Thursday, July 7, 2016

Math Learning Map Journey

I have been distracted from blogging but am trying to catch up and am back to trying to deprivatize my practice more. And so, I am resolved to blog about my assessment practices (including failures and questions) and hope that I can spark conversation, collect some feedback, and crowd source some ideas. So I have one request - if you are reading these entries, please share them with someone else and/or comment at the bottom and join the conversation. :) The first entry from this series can be found here.

Today I am hoping to share the process and evolution of my experiences working toward a learning map for a math course. I think this is a specific journey worth deprivatizing because it has been a complicated one that involved a lot of lengthy discussions.

This entry requires you to know what an Overarching Learning Goal (OLG) is: I described it in an earlier entry as big ideas that are written as board spectrum learning goals that marry the "know" and "do" that we hope a student leaves a course with. I have discussed OLGs in a number of other entries since this one that can show you some of my journey through understanding and using them as well.

Starting in early 2015 I dove into OLGs and started working with a colleague to write some for a math course. At the time we were both teaching Gr 10 Academic ("Mathematical Principles") so we tried to tackle it. This was both of our first attempts at the process for any course so it was an exploration of the process itself and a discovery that every time we tried to do it we wanted to make different decisions. [One thing I would critique us on looking back was our neglect of the front matter of the curriculum].

Here is a look at the 2 different sets of OLGs we landed on in our two attempts.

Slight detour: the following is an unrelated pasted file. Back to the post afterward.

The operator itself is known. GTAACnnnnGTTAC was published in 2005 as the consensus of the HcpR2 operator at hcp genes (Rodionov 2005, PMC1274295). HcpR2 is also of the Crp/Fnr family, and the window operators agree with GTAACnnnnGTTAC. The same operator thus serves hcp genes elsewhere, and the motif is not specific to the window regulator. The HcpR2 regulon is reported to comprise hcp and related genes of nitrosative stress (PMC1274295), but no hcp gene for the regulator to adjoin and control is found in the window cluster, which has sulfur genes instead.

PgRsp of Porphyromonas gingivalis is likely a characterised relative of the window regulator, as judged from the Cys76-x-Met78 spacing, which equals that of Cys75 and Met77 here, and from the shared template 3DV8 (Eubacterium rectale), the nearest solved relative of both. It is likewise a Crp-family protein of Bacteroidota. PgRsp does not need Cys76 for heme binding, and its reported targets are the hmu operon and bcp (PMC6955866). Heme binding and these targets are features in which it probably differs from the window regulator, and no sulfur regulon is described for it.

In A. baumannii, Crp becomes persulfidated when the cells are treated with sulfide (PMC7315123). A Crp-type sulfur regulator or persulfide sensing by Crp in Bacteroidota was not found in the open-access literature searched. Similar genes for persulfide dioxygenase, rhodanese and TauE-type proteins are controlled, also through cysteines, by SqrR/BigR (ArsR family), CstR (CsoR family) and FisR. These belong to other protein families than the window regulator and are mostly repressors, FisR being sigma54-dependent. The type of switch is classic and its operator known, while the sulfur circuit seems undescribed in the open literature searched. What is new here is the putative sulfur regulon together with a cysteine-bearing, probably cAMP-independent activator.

In 2016 I had the opportunity to gather with some math and assessment colleagues from around the board to take a real look at designing OLGs and a Learning Map (LM). [I showed a sample LM for my Science course in this entry earlier if you would like some context] A LM takes the OLGs and describes what the learning should look like at each level. This map can then be used for many purposes.

Over the course of many discussions with colleagues at my school, one of our math resource teachers (@MashelleKaukab), and the above mentioned gathering we went through a process of unpacking the MFM 1P (Gr 9 Applied - Mathematical Foundations) course and the Math Processes (Ontario math curriculum front matter). It involved a lot of debate with well-reasoned points - and a lot of learning! Oh how our brains hurt at the end of that day!

Our team decided to create "skeleton" OLGs that focused on the processes that could then theoretically be used to finish OLGs for any course at any level (perhaps with rewording needed). Here is where we landed:

Our team left that meeting still feeling like things were a work in process but I am sharing our draft of our work hoping that you will contribute to the discussion by providing feedback. Please visit a copy of the document here.

The hope is that this map will become the foundation for every decision, evaluation and report completed for the course. The hope is that it will be the backbone of my backward design for my course.

Thank you for reading and for joining the discussion!
Happy summer!

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